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Child Poverty in London

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Child Poverty in London

We will do everything we can to help anybody, whatever your background, to go as far as your talents will take you." This was the promise made outside Number 10 Downing Street following the appointment of Theresa May as Prime Minister in July 2016. Less than 5 months later, the Government's Child Poverty Unit was axed.

Last month, I received the incredibly saddening news from End Child Poverty coalition that a staggering 32% of the children in my constituency of Mitcham and Morden are living in poverty. They are 8,598 of the 700,000 children across our capital who are living below the poverty line, defined as a minimum acceptable standard of living. In fact, there are now constituencies in London where more than half of children are growing up in poverty. I felt so strongly about this deplorable issue that I organised for a debate in Parliament.

A childhood in poverty often leads to an adulthood in poverty, a shorter and less fruitful life. And no, work is no longer the best route out of poverty, as the majority of children in poverty grow up in a working household.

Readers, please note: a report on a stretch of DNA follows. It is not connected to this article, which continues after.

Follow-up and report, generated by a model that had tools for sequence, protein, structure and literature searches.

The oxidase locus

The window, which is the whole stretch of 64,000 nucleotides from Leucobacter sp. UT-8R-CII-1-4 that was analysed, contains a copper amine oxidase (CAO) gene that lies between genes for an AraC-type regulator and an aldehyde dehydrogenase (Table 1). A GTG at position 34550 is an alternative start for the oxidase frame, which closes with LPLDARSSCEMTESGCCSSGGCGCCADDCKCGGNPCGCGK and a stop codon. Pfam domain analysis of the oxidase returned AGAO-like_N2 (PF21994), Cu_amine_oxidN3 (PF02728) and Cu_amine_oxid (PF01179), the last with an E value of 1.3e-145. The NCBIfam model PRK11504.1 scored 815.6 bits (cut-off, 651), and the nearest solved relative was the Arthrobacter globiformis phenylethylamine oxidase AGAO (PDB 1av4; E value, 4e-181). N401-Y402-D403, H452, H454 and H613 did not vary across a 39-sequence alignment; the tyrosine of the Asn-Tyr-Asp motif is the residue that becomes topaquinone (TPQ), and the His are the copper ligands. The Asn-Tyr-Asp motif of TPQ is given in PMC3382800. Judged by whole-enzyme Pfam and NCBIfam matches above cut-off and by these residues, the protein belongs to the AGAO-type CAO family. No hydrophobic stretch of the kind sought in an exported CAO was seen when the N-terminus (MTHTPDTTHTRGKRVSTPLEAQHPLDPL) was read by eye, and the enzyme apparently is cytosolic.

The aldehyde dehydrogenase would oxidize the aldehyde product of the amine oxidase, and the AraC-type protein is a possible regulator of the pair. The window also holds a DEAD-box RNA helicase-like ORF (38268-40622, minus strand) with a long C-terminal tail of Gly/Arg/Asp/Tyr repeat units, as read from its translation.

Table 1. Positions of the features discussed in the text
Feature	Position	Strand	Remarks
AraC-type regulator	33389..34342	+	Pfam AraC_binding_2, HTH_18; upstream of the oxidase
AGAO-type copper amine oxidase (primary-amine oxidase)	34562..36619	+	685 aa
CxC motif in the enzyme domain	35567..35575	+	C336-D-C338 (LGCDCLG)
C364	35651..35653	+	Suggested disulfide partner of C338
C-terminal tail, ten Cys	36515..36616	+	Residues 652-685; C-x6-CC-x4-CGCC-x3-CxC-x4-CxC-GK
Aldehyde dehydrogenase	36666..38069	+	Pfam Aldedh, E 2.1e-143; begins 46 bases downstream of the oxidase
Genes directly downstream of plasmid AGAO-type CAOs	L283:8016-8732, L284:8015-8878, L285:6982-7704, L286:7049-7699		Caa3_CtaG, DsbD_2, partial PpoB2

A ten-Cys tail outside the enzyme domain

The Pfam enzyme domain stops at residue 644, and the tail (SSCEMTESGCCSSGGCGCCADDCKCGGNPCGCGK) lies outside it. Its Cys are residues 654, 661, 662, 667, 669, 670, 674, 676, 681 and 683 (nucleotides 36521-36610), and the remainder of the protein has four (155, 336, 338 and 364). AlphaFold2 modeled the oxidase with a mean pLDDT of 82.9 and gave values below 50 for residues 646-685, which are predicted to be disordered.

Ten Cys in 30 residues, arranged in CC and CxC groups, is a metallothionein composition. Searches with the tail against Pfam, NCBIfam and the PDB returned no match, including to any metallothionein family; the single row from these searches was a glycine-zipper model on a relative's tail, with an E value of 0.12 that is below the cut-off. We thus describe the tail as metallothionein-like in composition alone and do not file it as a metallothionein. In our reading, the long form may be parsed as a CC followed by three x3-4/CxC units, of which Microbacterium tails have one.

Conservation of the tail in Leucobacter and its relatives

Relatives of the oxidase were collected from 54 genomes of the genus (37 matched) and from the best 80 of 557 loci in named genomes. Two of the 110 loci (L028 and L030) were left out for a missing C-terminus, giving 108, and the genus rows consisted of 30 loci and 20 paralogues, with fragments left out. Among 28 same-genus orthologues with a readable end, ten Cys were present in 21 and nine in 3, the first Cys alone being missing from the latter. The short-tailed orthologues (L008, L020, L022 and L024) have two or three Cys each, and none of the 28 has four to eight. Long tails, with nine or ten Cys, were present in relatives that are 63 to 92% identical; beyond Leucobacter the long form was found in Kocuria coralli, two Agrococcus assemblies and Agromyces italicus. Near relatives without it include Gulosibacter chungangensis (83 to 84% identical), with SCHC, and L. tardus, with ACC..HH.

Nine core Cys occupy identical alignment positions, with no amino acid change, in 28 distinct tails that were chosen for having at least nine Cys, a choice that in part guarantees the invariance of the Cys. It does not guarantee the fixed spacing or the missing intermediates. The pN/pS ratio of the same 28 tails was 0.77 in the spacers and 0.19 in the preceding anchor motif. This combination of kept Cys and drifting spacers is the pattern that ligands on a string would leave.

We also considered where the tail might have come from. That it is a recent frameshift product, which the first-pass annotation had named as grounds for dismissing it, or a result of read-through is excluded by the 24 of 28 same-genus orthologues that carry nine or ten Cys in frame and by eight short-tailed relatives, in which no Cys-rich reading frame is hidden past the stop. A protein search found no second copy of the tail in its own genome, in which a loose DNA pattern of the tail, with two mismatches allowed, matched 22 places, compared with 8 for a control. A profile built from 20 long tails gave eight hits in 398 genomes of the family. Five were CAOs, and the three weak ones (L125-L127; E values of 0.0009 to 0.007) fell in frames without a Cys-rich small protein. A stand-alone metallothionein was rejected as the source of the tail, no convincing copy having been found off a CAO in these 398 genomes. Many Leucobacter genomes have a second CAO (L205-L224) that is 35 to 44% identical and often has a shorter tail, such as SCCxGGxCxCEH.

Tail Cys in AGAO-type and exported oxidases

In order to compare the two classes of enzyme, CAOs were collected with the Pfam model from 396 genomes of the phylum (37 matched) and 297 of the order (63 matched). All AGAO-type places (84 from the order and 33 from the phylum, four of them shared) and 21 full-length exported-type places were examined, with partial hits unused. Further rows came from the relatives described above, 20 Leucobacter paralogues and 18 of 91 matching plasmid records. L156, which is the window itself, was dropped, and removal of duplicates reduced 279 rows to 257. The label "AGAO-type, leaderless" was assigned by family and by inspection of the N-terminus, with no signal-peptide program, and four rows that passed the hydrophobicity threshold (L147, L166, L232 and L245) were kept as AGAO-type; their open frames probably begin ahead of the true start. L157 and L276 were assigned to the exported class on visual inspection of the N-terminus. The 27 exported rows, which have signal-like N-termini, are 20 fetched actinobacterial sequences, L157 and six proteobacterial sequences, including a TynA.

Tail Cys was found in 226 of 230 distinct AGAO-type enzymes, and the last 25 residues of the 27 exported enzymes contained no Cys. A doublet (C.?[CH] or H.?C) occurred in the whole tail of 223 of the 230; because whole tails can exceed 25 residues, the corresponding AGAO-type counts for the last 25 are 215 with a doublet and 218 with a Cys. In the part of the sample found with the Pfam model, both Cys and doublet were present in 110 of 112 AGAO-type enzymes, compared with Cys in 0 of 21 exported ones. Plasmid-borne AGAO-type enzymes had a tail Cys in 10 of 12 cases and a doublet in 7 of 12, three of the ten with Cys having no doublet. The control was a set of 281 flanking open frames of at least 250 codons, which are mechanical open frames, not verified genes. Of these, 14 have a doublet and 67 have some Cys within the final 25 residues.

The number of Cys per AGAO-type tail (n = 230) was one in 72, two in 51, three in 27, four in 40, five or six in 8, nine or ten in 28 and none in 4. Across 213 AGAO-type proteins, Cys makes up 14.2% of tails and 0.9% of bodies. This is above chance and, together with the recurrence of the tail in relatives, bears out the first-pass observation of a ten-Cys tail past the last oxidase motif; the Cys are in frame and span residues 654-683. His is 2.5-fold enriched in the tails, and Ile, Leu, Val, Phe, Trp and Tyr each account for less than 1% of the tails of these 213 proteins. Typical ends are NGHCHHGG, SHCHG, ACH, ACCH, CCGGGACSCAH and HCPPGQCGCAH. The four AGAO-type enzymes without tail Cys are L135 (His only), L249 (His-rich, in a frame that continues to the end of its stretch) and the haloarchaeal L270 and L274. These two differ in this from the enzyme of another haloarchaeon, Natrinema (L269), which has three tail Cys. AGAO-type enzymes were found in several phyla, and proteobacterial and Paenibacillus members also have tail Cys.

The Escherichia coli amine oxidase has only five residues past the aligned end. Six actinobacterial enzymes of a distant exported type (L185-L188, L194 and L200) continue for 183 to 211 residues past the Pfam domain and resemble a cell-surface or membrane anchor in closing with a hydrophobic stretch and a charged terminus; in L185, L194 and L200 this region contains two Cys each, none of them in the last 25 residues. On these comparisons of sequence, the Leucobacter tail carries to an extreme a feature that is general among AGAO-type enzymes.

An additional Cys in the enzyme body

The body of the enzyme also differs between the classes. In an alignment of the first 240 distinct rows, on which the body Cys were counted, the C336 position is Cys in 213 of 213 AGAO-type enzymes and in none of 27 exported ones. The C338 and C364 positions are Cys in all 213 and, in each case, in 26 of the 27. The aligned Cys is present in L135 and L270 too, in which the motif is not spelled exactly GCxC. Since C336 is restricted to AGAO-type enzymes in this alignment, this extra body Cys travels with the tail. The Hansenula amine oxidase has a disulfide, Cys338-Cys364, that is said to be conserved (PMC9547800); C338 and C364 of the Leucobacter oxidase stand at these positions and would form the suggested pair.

At the debate, I read a letter that I have received from a local Head Teacher. In it, she outlined so many extraordinarily sad examples of child poverty in her school. When a child lost his reading book, she encouraged him to look under his bed. His reply, 'I don't have a bed to look under'. At lunchtime she sees children eating their lunch very quickly, protecting their plate with an arm as they eat. And when one child was asked what he would do if he won the lottery, he would buy lots of bread and porridge as that is what fills you up.

And so, I asked the Government Minister directly in the debate why they are not acting to ensure that the letters of a postcode will not be the determining factor in a child's life.

You can watch my speech and the solutions I proposed here: